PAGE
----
Random number bug blights FreeBSD
The devil's in the detail
The FreeBSD project pushed out a brace of updates on Thursday to guard against a pair of potentially serious security vulnerabilities.
First up is an update that patches a bug in the GNU tar archiving utility that created a mechanism for hackers to overwrite files on a vulnerable system.
The bug, which stems from insufficient checking, affects an alternative utility that does much the same job as the more widely used bsdtar archiving tool. Bsdtar has been the default archiving utility since FreeBSD 5.3.
More seriously, security researchers have discovered that it's possible for attackers to access the internal state tracking used in the pseudo-random number generators, random and urandom, bundled with FreeBSD.
The flaw is akin to the bugs in pseudo-random generators within Windows XP and 2000 and has much the same effect. As such, the bug enables hackers to determine "random numbers" that underpin the security of encryption functions, such as SSL transactions.
Hackers are likely to need local access to vulnerable systems, so attacks based on the cryptographic weakness are far from straightforward. An update from the FreeBSD project is designed to secure systems against possible attack.
FreeBSD, well regarded as a stable OS, is most commonly used as a web server platform. Fixing the pseudo-random generator bug involves a system reboot, which could be an issue in some hosting environments.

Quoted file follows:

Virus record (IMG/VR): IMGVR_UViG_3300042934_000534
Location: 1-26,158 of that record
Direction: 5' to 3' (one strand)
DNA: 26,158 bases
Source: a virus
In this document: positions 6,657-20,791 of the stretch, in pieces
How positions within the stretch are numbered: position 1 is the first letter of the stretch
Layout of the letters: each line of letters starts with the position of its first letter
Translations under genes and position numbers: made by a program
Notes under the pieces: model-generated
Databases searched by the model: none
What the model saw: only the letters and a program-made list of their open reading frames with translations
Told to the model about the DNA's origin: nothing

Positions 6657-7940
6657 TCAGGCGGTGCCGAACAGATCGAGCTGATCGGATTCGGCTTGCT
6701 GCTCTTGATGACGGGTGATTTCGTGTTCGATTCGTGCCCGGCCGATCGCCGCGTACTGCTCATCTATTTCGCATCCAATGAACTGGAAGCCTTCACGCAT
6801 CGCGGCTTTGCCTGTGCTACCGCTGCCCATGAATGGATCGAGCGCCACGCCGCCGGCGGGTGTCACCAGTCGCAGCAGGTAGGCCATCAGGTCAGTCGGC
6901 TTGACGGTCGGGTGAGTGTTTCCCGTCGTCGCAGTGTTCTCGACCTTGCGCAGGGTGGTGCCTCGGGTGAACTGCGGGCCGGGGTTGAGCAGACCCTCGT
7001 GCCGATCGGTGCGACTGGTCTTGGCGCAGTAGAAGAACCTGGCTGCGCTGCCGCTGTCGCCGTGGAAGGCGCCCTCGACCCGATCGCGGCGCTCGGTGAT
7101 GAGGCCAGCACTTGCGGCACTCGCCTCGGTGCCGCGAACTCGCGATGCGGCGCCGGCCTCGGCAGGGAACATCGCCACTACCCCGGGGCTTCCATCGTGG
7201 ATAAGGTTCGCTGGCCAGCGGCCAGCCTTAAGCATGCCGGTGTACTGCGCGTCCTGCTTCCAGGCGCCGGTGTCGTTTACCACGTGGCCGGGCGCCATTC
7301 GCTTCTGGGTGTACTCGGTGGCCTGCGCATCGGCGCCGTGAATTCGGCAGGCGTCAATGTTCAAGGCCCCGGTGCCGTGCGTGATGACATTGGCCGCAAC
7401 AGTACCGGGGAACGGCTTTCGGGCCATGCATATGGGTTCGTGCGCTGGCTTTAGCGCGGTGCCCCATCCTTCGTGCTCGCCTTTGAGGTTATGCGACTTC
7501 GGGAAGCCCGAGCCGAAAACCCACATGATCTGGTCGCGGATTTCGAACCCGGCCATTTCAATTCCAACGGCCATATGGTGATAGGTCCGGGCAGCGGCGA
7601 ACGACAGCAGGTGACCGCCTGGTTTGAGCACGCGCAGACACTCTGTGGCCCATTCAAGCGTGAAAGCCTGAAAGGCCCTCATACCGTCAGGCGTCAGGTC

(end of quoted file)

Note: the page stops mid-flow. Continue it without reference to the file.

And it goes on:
More information on the update can be found in an advisory from the FreeBSD Project here. ®
The patch was a trivial single-line fix. Looks like some developer made a silly mistake.
A bug in GNU tar is a BSD problem first and foremost *how*?
So GNU tar had a security flaw. Great. So why is this being reported as news for FreeBSD? On FreeBSD, GNU tar is a niche application, as many of the people there prefer to use tools that anyone can convert to proprietary, rather than ones with restrictive licenses that prevent that, and most, if not all of the rest, prefer tools with minimal code bloat; gnu tar's --help option *alone* could make the program too bloated for the average BSDer's taste. However, the fact that the FSF have extended their tar program to the point where it actually *supports* all of the options that its help option indicates it can handle basically puts it in the 'right out' category for every BSDer that I have personally talked to about GNU tar.
OMG - amanfromMars finally makes sense?
I must be reading El Reg way to much - I can finally understand what amanfromMars is saying...